But one cannot doubt the professionalism of those that were covering the match — surely they would never sink so low as to make such scurrilous allegations against a team that many of us have seen — until the events of Easter Sunday — as more professional than all the other big clubs in Zimbabwe.

Clubs, Caps United included, are allowed to have their beliefs, including believing that muti can win them a match. It is their God-given right and we will all defend that right.

But that is as far as it goes. When one’s beliefs impinge on others and are actually a threat to others’ health, as was the repugnant and primitive act perpetrated by Caps United, then the rights and beliefs need to be curtailed and culled altogether.

The PSL and Zifa need to act against Caps United immediately and decisively. A fine, no matter how large, is not the answer. Caps United must be fined and also have some points deducted — I would say even suspended from the championship.

That way they can go and carry out their beliefs in the jungles of street soccer, for that is the only place such actions belong to. Letting Caps United off unpunished is condoning such dehumanising treatment of opponents and the general public that pays its hard-earned greenbacks to watch football.

Even more disconcerting is the fact that SuperSport is now screening more matches live than last season and imagine the rest of the whole world watching such actions from the Dark Ages.

The ramifications of this primitive behaviour are many, among them is that this lowers the market value of the club’s players, especially on the international market.

No professional club that does not believe in so-called juju will buy a player from the current Caps United squad — they will envisage that such a player has a mental block in his psychology, a block that makes him believe that he can only win matches if he plays with some potion of juju!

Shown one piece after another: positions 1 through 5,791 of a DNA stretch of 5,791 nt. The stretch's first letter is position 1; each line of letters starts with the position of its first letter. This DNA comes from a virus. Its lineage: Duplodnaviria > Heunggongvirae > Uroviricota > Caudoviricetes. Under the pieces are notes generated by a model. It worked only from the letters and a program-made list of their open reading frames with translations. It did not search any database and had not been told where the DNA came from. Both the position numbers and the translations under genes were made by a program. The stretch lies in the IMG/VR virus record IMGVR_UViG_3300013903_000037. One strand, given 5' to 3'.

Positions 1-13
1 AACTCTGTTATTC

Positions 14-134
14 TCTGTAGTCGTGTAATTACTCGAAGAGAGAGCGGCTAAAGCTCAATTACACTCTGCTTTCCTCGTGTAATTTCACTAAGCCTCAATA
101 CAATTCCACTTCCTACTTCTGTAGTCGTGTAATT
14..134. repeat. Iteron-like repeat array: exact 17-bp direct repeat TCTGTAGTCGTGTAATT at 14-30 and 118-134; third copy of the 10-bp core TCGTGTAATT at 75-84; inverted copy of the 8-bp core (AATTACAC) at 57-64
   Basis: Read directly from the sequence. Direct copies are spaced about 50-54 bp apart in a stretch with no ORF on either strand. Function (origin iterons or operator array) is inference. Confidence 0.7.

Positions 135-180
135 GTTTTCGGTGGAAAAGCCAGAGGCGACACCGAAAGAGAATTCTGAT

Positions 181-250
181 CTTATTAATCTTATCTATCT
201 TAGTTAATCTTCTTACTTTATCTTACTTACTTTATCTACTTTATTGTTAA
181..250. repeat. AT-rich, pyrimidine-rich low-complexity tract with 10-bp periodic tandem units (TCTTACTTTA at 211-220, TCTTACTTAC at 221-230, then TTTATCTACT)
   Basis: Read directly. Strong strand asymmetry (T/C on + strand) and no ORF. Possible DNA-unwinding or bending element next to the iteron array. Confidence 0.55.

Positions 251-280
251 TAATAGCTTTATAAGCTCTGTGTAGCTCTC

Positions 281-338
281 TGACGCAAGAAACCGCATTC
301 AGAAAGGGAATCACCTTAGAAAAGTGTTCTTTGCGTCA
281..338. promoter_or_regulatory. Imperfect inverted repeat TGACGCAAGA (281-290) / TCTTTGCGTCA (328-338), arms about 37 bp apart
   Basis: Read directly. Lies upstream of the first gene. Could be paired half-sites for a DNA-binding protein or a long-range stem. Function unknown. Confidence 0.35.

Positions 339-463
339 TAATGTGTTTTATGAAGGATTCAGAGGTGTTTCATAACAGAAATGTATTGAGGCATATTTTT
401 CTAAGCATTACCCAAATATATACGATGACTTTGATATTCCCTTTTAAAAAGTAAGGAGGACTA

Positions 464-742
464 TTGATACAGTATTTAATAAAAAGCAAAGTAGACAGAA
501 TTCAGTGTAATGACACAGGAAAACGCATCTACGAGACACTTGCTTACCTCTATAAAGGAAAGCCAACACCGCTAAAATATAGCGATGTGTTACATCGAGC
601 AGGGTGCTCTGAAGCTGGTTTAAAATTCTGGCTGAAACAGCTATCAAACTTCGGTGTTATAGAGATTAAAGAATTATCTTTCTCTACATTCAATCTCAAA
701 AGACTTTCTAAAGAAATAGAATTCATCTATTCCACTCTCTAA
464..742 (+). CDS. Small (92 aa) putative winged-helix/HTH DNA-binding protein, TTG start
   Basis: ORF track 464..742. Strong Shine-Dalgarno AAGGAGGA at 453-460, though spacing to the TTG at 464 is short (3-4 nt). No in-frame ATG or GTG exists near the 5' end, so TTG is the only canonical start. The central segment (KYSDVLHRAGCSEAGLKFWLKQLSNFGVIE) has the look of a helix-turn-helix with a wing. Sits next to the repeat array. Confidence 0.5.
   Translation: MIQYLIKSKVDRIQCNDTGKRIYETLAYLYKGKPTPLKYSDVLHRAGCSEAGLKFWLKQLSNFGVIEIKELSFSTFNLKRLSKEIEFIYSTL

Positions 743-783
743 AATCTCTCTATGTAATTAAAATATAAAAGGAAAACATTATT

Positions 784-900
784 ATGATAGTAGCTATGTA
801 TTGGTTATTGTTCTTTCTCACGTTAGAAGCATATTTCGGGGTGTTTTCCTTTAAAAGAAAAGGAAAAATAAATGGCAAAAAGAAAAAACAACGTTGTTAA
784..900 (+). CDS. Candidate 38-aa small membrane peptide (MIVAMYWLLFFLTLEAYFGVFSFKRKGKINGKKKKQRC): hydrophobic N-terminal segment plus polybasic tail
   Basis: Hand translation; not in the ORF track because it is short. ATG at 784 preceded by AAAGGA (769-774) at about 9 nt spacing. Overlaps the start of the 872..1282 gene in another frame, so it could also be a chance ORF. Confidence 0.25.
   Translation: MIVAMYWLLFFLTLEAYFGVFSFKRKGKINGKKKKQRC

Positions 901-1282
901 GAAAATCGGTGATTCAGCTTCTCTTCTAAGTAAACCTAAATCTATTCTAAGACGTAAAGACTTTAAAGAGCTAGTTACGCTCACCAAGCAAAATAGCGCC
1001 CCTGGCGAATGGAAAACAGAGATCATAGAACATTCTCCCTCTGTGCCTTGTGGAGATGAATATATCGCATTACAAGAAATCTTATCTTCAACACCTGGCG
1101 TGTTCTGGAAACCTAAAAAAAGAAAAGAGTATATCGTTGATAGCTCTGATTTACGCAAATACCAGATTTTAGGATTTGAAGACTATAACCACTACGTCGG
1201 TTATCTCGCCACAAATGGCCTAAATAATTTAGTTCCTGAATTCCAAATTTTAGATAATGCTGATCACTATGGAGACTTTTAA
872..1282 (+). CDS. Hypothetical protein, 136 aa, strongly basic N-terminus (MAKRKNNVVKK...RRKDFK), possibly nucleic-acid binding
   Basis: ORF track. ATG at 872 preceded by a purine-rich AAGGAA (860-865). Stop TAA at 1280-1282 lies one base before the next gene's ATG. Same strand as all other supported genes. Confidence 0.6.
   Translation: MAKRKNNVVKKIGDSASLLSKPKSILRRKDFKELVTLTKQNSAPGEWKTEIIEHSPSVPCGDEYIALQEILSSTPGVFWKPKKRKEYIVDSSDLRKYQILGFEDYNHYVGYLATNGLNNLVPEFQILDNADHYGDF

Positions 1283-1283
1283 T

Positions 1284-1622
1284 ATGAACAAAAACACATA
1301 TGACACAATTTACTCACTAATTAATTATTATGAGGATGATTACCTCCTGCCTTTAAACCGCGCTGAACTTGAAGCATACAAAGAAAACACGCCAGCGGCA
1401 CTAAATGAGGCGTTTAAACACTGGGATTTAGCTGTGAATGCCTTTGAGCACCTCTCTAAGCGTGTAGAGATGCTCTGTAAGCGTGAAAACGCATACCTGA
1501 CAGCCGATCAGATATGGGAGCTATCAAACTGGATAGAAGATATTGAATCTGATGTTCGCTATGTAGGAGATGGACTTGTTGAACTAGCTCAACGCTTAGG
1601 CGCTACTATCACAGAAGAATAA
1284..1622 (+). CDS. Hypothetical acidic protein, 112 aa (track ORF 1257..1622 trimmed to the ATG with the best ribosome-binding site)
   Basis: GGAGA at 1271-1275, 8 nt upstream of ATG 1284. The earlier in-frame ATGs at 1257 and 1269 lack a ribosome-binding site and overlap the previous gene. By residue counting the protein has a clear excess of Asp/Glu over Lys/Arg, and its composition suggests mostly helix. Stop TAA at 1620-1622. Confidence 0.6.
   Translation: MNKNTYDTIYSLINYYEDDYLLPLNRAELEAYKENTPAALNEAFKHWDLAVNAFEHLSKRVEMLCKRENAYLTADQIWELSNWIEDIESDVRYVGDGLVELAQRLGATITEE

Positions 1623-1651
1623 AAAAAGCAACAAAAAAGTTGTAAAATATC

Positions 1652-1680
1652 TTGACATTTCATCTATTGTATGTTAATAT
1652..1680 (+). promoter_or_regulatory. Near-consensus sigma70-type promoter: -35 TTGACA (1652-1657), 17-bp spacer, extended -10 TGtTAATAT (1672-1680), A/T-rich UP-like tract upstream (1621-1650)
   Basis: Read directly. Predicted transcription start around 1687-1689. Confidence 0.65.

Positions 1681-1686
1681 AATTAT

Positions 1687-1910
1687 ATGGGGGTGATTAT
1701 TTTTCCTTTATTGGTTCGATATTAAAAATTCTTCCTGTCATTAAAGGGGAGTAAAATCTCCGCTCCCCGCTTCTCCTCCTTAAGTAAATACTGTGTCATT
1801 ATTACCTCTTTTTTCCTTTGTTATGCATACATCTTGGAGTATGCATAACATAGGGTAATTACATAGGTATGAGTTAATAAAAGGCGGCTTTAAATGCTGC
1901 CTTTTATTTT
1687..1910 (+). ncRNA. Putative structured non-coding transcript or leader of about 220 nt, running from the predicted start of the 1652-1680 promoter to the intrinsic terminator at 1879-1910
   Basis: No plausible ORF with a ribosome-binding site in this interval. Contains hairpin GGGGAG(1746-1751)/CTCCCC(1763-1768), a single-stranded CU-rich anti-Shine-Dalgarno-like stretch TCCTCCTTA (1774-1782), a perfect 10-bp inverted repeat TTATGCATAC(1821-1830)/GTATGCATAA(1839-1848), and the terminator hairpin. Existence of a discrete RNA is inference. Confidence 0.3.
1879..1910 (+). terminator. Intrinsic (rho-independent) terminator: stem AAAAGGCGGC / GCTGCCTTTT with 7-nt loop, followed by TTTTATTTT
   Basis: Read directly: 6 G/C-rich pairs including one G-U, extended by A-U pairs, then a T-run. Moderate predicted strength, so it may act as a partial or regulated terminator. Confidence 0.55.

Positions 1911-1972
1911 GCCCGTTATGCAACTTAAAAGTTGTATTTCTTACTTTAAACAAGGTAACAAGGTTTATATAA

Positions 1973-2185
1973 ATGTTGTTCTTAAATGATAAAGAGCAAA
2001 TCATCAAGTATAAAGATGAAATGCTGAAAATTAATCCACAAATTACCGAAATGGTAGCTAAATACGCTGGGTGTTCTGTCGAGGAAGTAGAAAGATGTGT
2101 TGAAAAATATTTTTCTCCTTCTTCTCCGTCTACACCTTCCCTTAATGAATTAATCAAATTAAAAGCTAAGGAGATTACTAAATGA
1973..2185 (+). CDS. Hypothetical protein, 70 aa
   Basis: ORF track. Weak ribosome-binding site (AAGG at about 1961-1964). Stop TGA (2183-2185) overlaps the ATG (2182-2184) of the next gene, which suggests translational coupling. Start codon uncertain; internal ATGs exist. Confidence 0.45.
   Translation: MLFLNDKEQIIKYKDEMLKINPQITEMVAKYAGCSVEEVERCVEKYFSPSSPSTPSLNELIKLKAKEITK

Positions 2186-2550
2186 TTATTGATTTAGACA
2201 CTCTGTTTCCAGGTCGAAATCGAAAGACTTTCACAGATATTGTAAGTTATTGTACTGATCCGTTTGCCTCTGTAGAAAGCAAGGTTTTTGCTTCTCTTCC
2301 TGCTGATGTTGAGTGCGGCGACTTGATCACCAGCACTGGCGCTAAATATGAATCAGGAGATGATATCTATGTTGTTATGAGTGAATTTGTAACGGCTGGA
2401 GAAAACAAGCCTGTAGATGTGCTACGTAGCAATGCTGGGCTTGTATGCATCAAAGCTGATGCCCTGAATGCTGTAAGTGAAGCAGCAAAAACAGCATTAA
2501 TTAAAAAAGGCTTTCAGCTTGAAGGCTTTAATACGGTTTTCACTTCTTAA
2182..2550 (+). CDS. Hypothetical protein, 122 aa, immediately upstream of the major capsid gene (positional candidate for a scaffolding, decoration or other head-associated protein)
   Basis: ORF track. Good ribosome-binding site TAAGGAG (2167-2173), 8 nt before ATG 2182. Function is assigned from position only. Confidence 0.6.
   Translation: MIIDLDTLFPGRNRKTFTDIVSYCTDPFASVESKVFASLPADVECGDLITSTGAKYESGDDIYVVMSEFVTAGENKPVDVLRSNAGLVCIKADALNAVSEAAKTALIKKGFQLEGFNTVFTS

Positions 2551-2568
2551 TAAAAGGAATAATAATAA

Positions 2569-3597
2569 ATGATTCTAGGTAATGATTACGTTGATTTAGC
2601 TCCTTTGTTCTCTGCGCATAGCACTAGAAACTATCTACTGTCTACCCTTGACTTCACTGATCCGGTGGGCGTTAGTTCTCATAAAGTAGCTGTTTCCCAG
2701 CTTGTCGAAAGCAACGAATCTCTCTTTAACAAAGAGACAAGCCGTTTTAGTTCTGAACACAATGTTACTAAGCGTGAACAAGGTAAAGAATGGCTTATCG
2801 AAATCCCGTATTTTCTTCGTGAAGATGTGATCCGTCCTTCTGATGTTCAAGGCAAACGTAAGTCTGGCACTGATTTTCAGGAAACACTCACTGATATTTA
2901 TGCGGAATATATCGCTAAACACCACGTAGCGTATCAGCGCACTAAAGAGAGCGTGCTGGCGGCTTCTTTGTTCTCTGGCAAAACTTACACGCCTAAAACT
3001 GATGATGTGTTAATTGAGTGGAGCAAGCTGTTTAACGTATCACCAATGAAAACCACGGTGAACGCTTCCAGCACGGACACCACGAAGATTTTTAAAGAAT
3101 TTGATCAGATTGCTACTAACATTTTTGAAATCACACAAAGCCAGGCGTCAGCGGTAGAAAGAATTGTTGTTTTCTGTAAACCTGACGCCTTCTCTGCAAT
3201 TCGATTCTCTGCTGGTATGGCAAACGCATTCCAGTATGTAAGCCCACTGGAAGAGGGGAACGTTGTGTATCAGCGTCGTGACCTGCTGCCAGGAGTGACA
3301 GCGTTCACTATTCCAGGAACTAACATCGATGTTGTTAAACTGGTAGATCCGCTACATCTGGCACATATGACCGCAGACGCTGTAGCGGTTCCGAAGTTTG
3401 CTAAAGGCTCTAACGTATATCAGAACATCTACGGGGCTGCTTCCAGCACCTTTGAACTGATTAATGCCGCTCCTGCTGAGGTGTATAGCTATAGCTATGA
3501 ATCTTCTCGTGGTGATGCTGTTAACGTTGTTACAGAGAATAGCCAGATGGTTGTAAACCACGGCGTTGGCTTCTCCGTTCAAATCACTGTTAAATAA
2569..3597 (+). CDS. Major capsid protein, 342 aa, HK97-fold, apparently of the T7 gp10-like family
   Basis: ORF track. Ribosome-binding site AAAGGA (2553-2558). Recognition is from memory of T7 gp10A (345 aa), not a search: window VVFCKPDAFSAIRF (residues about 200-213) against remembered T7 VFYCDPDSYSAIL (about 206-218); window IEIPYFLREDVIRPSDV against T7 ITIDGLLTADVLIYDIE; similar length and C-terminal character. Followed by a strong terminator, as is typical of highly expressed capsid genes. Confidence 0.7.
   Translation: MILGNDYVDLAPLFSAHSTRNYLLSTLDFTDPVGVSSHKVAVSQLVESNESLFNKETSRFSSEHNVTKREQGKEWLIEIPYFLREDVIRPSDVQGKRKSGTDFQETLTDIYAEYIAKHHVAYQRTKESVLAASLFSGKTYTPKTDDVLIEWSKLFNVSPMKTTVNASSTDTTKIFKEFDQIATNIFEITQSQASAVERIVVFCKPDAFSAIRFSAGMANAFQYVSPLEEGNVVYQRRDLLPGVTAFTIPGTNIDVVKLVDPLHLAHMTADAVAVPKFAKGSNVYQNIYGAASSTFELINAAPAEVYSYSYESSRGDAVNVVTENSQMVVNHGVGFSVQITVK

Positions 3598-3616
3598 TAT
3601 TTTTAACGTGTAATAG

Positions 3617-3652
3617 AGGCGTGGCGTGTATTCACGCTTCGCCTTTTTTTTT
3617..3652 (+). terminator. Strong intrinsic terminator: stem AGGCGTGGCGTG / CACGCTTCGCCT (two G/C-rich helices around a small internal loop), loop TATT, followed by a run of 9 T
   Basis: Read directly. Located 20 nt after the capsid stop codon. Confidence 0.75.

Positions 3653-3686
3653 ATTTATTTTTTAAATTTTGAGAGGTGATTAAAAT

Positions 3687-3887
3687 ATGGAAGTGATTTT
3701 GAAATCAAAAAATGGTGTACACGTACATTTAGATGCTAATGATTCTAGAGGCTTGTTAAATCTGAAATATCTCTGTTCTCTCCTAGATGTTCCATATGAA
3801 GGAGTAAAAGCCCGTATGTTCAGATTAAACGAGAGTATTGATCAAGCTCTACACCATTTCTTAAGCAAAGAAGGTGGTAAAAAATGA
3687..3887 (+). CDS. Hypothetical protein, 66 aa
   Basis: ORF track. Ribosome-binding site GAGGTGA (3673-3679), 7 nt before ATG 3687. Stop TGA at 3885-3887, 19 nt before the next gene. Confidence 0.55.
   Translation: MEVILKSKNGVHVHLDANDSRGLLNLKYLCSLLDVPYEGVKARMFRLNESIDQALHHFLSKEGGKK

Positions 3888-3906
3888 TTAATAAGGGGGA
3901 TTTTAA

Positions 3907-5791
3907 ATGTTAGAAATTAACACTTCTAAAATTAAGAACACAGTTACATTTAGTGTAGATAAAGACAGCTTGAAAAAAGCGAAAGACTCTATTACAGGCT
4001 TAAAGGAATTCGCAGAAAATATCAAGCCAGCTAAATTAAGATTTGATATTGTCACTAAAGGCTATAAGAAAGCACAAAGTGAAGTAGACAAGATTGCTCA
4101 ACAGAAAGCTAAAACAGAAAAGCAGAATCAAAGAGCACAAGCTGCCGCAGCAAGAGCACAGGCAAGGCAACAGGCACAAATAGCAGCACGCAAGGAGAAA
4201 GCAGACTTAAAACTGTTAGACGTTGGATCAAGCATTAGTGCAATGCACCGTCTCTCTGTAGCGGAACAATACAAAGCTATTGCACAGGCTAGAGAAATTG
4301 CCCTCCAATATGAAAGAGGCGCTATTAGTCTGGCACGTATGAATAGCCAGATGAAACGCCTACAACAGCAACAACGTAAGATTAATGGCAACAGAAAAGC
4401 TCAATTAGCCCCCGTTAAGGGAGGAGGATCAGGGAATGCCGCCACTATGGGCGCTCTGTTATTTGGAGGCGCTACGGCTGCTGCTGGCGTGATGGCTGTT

Caps United also pose a health risk to their opponents and all the people that work in the stadium, especially in today’s environment where a lot of diseases are contagious and the germs do not quickly die because they have developed some resistance.

It is ghastly to think what would have happened to someone from Buffaloes sitting on the urine and they having a wound or fresh scar on their body!

Caps United are also putting the game of football into disrepute and chasing away sponsors by their primitive behaviour.

They are also chasing away self-respecting members of the public from attending matches.

If the PSL have the protection of the image of their sponsors Castle. at the top of their agenda they need to act against Caps United. If they do not it can only be because the PSL chairman Twine Phiri is the owner of Caps United.

If anything, that Phiri is the owner of Caps United and also PSL chairman should attract a heavy hand against Caps United, if only to show that there is no selective application of justice at the PSL.